Yet, in March 2021 he ended up applying for a full-time position at the Fibrobesity Research Programme at the University of Oulu. Mobasheri was selected. Currently, he is establishing his research group at the University of Oulu focusing on osteoarthritis and intervertebral disc degeneration.

"We can learn a lot from nature"

Mobasheri's background reflects his thinking and the way he conceives research and, more broadly, the relationship between humans and nature.

"The diseases are pretty similar in humans and companion animals, for example, dogs, cats, and horses. In many cases, they suffer the same chronic diseases as we do, including cardiovascular diseases, metabolic diseases, arthritic diseases, and so on", Mobasheri explains.

Because of his background in veterinary preclinical sciences, Mobasheri is capable of establishing many connection points between humans and animals. Similarities can be found in unexpected places, such as the “One Health, One Medicine” concept, which is based on the idea that human and animal health are linked to each other and to broader environmental and natural contexts.

"The production animals that make up our food have the capacity to develop arthritic diseases, such as osteoarthritis, because of the excessive weight gain in a short period of time. Of course, they don't experience the disease to its fullest since they are sacrificed for the food chain before those diseases fully manifest themselves. But the way we breed and overfeed production animals for food production also reflects how obesity impacts the early development of arthritic diseases in humans. In a way, the phenomena can also be seen as a reflective model of society and a tool to help view obesity as a major societal problem", Mobasheri elaborates.

Mobasheri sees many possibilities between nature, plants, and human medicine.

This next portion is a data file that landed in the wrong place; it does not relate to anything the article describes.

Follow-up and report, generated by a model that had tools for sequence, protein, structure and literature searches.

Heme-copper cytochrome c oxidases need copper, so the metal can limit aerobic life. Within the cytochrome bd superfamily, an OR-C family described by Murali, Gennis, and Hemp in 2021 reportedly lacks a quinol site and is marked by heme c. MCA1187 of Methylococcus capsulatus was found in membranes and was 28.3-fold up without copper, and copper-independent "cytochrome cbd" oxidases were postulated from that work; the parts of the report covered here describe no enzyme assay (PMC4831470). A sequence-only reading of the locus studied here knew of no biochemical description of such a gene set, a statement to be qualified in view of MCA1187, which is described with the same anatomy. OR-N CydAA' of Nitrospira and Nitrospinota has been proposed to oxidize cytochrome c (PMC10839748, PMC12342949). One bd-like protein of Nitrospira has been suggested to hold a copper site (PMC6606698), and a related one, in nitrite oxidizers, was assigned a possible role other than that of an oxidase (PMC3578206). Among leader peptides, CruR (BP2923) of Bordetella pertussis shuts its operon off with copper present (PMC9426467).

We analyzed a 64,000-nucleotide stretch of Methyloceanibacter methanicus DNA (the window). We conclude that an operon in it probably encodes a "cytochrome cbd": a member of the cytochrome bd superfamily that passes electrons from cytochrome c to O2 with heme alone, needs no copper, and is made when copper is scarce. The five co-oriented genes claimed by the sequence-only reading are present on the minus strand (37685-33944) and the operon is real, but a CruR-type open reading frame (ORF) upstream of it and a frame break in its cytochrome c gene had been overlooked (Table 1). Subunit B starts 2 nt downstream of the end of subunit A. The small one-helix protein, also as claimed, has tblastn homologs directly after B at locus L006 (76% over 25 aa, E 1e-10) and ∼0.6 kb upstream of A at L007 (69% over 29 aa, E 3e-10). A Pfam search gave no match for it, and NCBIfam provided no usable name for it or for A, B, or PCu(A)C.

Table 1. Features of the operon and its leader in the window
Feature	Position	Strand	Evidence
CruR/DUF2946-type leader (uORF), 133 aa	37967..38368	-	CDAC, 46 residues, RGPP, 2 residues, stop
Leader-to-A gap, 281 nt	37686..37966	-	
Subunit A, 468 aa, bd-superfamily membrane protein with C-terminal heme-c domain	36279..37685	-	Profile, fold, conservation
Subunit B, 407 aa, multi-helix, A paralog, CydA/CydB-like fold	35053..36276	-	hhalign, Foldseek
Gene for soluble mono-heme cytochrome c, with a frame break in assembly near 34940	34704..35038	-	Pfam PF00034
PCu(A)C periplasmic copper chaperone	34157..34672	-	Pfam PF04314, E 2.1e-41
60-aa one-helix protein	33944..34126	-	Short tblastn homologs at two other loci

"I'm collaborating on projects looking at the natural screening of extracts of plants to see which plants potentially have, for example, anti-inflammatory and pain relief properties. So, my interest in plants is always there. I might be working with arthritic diseases, but I still keep botany in mind when I do research," Mobasheri explains.

Mobasheri's journey from plant physiology and veterinary science toward solving the mysteries of osteoarthritis in humans is fascinating. The multidisciplinary background and open interest in other fields and the surrounding nature are without question refreshing. A medical researcher with a history of plant physiology and an interest in climate change and environmental protection is breaking barriers between disciplines and redrawing the norms.

This is evident in how Mobasheri sees his scientific research concerning the surrounding society.

"The thing that fascinates me most about research is the endeavor to figure out what is it that can be learned from nature for the benefit of mankind and how we can ensure that the knowledge is also benefitting nature, especially the domesticated animals that we have come to depend on. Sustainability is an important component of this. In everything that we discover in science and medicine, we need to think long-term about sustainability beyond immediate impacts on humanity and modern society", Mobasheri summarizes.

Text: Essi Erkkilä

FibroHealth - Combatting Fibrosis in Chronic Diseases

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Last updated: 21.12.2022